Many other Oregon cities pay elected officials a stipend, but not Salem. Councilor Tom Andersen believes that could be a problem.
Andersen last week filed a motion to give eight councilors and the mayor a monthly stipend as demands grow for Salem’s elected officials. The amounts and how they would be paid are up for discussion, but the motion does suggest councilors should not be paid more than $2,000 per month, and the mayor $2,500 per month.
“All we’ve done is put a limit on what’s going to be discussed,” Andersen told Salem Reporter. The motion is expected to go before the Salem City Council Nov. 13.
The issue is whether councilors should be paid at all — or if civic duty is reward enough.
Salem councilors and the mayor are not paid. They have small expenses reimbursed and get the occasional free dinner before meetings.
Andersen said he is concerned that elected officials seem to work more and more, but he has heard from people who cancelled plans to run for office because the time required would disrupt their work schedule.
“The only people you have on council are either retired, independently wealthy, working for government agencies … or people who are self-employed, like myself,” said Andersen, noting government agencies offer flexible hours.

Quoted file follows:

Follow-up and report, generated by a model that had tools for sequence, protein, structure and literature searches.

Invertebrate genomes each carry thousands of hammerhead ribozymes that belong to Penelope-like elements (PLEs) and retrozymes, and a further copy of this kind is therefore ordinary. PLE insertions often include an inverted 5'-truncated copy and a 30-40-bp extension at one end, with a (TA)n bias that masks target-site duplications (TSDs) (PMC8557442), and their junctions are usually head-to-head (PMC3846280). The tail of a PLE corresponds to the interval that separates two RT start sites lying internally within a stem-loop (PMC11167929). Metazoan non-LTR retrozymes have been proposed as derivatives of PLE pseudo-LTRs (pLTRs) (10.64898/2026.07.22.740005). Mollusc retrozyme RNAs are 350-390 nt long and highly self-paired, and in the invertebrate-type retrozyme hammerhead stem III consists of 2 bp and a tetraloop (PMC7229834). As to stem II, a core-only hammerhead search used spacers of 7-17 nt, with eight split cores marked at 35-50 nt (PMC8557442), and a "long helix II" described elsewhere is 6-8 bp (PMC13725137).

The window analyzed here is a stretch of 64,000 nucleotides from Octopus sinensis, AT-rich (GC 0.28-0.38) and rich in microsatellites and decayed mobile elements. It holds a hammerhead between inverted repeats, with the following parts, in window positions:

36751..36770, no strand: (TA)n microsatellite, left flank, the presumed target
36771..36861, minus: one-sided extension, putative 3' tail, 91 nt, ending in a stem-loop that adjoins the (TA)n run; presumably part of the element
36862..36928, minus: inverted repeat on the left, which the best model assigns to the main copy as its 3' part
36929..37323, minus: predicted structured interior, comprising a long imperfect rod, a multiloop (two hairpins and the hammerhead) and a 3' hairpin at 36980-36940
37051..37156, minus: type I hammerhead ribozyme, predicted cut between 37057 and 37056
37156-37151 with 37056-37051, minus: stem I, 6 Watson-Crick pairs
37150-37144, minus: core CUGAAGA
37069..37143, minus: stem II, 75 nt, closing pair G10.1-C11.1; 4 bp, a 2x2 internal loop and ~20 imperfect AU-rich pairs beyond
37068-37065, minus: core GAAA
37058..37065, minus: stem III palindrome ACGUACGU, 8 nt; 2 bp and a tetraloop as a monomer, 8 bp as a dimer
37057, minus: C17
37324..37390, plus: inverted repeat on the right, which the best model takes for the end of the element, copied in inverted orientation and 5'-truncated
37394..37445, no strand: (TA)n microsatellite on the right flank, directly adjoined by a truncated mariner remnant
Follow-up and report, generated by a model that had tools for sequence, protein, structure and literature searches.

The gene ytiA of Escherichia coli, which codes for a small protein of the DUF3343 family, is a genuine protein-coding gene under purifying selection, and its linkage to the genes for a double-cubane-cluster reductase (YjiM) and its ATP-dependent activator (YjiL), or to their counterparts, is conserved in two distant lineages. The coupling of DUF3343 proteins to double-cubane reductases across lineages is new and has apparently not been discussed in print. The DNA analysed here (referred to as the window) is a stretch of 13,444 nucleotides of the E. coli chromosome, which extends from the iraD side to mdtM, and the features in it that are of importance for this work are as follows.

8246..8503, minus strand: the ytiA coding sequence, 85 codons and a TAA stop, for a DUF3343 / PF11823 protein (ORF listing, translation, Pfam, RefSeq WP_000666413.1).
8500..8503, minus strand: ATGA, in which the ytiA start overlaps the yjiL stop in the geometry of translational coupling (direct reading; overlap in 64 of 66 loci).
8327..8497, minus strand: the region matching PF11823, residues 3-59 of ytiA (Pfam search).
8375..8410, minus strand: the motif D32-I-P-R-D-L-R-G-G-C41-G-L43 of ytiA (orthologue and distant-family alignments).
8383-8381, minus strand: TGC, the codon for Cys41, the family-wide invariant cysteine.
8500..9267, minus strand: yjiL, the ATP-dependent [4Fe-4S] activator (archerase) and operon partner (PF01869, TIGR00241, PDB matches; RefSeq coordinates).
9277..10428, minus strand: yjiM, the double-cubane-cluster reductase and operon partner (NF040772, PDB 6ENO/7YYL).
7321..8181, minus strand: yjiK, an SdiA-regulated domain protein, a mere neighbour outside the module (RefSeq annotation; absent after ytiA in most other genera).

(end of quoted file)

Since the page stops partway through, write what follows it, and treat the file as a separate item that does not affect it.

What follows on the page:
Andersen, a self-employed employment lawyer, said the city is hampered in getting a more representative council.
“Speaking generally, that leaves out young people, minorities and most workers. There’s a vast portion of our city unrepresented,” he said
The city populace is about one-quarter Hispanic, according to the U.S. Census Bureau.
“It will allow some people, who are not now able to, to serve,” Andersen said.
Two councilors and the mayor, all of whom are retired, disagree. They don’t believe pay would necessarily attract better candidates; and in fact they contend pay would taint officials’ relationships with the public.
Mayor Chuck Bennett said the job’s volunteer nature is a sort of litmus test to attract people who are willing to sacrifice to serve.
“It fields people who are reliably civic-minded and they’re not here to, in any way, enrich themselves,” Bennett said. “This is a common practice around the state, to have voluntary leadership. I know there are communities where the mayor is paid, but I don’t see any better government there than we (have).”
Councilor Steve McCoid said the volunteering aspect improves officials’ relationships with constituents. He said many people are suspicious of elected officials’ decisions because they assume they are paid.
“I’ve found it, frankly, a beneficial thing for me to say (to people) ‘I’m a volunteer. I do this for the good of the community,’” he said. “It sort of cools the roll of people who call up to chew you and assume you’re paid.”
Councilor Jim Lewis also opposed the idea, saying that he has volunteered with grassroots organizations for more than 40 years and served voluntarily on the city’s planning commission for a decade before becoming a councilor.